The Baker Theatre and Education Center, which is still being built, suffered some damage during Hurricane Ian, with a portion of one wall collapsing. The building site and supporting structures experienced some flooding, and the storm surge carried away a significant amount of the dirt. Due to damage across the city and the delays caused by damage to the construction site specifically, Gulfshore Playhouse has announced the cancellation of 26 Miles by Quiara Alegra Hudes. The production, which was scheduled to start performances on October 13 on Tuesday, September 27, ended rehearsals on that day to prepare for the storm. On November 12, 2022, the 2022-2023 season will now begin with Robert Harling's Steel Magnolias, directed by CEO & Producing Artistic Director Kristen Coury. Click here to read more...

Chicago Theatres Work to Navigate the New Normal in Audience Behavior

Claire Rice, executive director of Arts Alliance Illinois, reports that businesses in the cultural sector are consistently reporting a 30-50% decline in sales from 2019. The rate of no shows has climbed, memberships have decreased, and despite the loosening of limitations, consumers continue to make last-minute purchases, making planning difficult for those who produce and present events. Click here to read more...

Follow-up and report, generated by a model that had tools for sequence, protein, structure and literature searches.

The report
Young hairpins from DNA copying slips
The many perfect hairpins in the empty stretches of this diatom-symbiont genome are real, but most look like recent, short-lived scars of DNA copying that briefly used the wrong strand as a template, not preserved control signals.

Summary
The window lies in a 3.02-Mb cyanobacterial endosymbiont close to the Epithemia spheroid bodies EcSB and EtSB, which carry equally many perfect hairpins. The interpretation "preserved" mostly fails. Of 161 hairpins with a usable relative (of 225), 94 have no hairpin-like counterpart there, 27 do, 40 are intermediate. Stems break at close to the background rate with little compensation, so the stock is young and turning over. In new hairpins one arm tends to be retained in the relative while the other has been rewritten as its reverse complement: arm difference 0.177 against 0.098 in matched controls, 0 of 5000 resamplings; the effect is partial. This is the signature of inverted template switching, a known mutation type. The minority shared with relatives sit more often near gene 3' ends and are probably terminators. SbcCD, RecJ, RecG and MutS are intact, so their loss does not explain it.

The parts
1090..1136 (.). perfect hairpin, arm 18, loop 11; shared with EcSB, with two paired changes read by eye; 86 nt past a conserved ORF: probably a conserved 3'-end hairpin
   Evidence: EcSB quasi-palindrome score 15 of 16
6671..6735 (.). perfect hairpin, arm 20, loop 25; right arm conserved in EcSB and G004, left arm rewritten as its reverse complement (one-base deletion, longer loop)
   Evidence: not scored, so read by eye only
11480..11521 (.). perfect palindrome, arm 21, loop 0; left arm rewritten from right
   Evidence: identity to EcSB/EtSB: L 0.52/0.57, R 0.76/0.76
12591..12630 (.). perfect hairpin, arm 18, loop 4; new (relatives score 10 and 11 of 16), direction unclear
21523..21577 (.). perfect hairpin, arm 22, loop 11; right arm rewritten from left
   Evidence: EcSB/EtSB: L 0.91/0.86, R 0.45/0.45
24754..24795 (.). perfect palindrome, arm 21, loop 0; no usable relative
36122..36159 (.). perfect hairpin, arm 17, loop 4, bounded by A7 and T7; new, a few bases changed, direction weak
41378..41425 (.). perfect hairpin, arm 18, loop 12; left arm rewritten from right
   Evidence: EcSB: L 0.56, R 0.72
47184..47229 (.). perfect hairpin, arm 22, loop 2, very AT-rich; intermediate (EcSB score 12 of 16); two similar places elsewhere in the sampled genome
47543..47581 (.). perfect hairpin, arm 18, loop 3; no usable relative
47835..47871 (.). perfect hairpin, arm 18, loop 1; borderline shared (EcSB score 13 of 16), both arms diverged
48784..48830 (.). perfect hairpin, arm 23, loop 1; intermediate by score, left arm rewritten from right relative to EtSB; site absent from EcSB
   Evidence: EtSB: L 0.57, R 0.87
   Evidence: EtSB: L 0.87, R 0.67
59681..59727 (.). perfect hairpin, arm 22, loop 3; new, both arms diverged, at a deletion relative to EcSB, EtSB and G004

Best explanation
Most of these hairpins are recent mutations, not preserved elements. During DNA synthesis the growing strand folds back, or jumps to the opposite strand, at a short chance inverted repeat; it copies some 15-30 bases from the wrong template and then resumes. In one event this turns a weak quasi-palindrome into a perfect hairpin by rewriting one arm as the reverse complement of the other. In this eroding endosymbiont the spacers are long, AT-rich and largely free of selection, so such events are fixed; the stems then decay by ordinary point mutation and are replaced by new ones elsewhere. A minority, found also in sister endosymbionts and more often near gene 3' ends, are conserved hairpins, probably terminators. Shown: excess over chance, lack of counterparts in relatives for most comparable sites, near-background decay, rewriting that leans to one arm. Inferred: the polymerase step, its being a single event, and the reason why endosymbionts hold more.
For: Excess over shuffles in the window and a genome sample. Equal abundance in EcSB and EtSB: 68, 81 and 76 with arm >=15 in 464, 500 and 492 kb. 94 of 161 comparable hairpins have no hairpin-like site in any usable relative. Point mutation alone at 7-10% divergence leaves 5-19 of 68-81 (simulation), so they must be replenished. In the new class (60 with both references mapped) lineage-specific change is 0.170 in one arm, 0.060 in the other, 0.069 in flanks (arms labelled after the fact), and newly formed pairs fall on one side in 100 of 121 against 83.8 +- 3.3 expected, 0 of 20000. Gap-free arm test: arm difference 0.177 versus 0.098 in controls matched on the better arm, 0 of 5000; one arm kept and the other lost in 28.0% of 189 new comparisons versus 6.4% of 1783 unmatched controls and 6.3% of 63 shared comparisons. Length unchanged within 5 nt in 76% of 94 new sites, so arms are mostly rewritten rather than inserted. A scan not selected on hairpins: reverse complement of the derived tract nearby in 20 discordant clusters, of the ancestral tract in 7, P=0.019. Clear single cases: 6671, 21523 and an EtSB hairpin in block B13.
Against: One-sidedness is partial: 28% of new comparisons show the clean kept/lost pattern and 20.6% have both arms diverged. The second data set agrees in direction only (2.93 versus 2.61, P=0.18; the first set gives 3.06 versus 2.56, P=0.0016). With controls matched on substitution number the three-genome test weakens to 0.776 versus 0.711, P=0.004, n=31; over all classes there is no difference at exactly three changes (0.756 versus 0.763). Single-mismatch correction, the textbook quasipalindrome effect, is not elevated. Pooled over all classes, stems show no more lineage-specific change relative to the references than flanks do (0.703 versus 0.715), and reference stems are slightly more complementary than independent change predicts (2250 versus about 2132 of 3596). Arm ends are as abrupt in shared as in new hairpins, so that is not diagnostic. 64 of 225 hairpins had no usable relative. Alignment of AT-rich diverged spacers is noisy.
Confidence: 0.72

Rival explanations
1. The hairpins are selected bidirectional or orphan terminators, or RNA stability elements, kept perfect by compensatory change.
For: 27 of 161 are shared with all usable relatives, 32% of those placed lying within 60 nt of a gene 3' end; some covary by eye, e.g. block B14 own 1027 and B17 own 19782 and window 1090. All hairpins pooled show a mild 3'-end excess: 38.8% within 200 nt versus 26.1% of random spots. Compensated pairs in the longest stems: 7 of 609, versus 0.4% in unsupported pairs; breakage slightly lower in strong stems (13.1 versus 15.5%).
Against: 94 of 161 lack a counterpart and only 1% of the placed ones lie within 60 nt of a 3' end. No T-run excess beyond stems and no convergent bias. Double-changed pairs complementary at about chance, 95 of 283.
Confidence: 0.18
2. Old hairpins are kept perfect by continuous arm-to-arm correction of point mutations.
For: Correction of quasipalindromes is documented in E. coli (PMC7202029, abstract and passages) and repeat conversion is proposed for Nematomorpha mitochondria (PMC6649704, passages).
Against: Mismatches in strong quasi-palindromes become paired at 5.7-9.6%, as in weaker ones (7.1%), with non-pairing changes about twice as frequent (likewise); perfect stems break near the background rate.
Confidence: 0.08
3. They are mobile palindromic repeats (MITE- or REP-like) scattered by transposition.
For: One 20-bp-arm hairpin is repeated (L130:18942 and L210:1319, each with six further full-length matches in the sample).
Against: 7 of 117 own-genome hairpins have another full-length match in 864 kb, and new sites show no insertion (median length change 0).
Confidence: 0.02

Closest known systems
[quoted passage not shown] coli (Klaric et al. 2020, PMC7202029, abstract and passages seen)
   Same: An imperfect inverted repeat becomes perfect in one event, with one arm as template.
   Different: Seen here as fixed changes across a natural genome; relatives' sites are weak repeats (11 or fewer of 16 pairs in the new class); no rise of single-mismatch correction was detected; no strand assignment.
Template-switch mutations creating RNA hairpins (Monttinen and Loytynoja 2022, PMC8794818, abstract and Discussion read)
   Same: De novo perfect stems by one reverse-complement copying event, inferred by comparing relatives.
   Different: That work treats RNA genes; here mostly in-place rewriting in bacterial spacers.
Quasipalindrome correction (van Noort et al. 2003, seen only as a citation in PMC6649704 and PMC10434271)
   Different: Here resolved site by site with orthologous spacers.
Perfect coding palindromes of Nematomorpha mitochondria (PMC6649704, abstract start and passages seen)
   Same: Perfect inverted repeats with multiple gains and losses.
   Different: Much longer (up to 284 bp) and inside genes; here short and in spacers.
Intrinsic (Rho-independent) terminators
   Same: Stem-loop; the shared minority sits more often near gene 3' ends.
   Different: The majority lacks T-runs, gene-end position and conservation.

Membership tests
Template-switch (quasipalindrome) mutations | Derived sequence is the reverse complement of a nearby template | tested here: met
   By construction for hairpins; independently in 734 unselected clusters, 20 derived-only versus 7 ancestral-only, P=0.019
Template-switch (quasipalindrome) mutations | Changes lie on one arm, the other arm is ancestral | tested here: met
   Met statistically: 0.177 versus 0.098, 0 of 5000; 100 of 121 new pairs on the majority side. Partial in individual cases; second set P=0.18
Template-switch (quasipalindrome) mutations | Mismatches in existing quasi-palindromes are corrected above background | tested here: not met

Newsom Signs Bill to Support Small Non-Profit Performing Arts Organizations in California

The law provides grants to small non-profit performing arts organizations to refund them many of the costs associated with payroll. These grants are designed to support the hiring of staff of all kinds at these organizations - support staff, artists, and more. The grants would not work the same for those hired as independent contractors. Click here to read more...


Industry Pro Newsletter: Broadway Lawsuits Find Resolution, Garret Receives Death Threats

Ian McKellen to Have Edinburgh Venue Named for Him

A theater will be named in Sir Ian McKellen's honor. Following his well-regarded production of "Hamlet," which was seen at the venue by a record-breaking 13,000 theatergoers during the Fringe, the venue will be renamed the Ian McKellen Theatre at Saint Stephens in his honor. Click here to read more...

Slaight Family Foundation Gives $22 Million To Canadian Theatres

The gifts are earmarked for production and marketing, and were given in sums ranging from $125,000 - $1.5 million. The Shaw Festival was one of the recipients of one of the $1.5 million grants. Click here to read more...

In the UK, How the Royal Family Works to Control the Narrative

In a rare glimpse of how the Palace asserts control over the Royal narrative, British news outlets have been told that they must submit a one hour collection of clips they would like to retain of the Queen's funeral for approval by the royal family. Once the one hour worth of clips has been approved, then any other clips would require approval from the royal family on a case by case basis. Click here to read more...